One thing that does speak for this mod, is the sheer numbers of the community following for it, with over 100,000 registered members. There is even an extensive list of mods made to accompany and supplement this one. These range from vehicle skins to plugins to give you more diverse crime. One of these mods worth noting is the Emergency Lighting System (ELS) which allows developer to make cars that utilise realistic light bars and customisable lights patterns. These can be tweeked by the user to get the lights they want for their cars. I, for example, decided to replace all my police cars with British police cars, which requires setting the lights to be blue and white, rather than white and red which the vanilla game uses. 

Overall, the mod is really well constructed. Unfortunately, the game is not: I tend to get only around 45 minutes of playing before it CTD's (unmodded or not). This sets the scene: the issues I have with the mod are limitations of the base game itself. The AI behaviour and spawning errors make up the bulk of issues, with no backup turning up from time to time and the AI crashing into and killing everything, which kills the whole mood really. 

However, the timing of this article isn't a coincidence: LCPD:FR have just announced a preview to the first non-beta release and it looks great! They've completely reworked all the scripting, you can check out the preview at I'll do an another review when it's released. Most people I know are looking forward to GTA V, I'll be looking forward to LCPD:FR 1.0!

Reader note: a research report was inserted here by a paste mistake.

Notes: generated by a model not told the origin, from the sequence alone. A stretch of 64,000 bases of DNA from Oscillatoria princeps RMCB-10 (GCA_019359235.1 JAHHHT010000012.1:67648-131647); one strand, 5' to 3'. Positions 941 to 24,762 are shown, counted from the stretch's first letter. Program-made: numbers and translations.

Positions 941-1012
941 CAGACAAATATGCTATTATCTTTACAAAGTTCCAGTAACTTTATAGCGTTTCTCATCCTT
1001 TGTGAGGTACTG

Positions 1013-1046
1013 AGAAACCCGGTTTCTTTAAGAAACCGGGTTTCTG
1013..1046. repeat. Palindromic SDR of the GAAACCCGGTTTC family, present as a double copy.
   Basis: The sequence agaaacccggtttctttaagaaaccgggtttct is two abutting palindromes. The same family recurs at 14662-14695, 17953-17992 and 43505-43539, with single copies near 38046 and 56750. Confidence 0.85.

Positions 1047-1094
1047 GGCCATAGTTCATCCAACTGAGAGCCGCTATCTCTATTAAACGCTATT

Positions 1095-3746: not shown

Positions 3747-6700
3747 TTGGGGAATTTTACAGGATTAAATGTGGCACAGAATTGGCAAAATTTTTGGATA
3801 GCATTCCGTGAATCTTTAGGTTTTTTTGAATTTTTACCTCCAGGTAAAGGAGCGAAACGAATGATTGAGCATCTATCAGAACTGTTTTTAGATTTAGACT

This review really doesn't do the mod the justice it deserves and I've no doubt missed out a good few features. To see more of what is offered, you can check out my videos on my channel ( or on a channel I enjoy alot: who did a great series "Speirs on Patrol". You can also just Youtube search LCPDFR and look at the many great videos by other developers. Even as the beta release now, I'd seriously recommend giving it a try; it breathes a complete new life into the game!

Thanks for reading.

Saturday, 14 September 2013

Mass Effect - New Textures Mod
[art from creator]
Game: Mass Effect
Type: Graphics Improvement
My Rating: 100%

So, at the request of my friends (so they could talk about the series without giving me spoilers), I recently started my first ever playthough of the Mass Effect series. Released in 2007, the game has held up relatively well from a graphics standpoint, but one thing that particularly caught my eye was that, while the faces very well modelled, the uniforms and armour were noticeably poorer. Even on the highest graphics settings, the uniforms were terribly blurred. So I went in search of a HD textures mod, and what I found was this: the New Textures mod.

The praise I have for this mod is very high: if you had never played Mass Effect before, and then did for the first time using this mod, you would honestly mistake it for a near-new game. The updated graphics are simply stunning, with the game now utilising 8 times the resolution available to the vanilla game textures and a HD textures pack to make full use of it - the level of detail is fantastic. To quantify just how much work has gone into these textures: the vanilla game is ~7 GB on your hard drive whereas the HD textures alone are ~20 GB!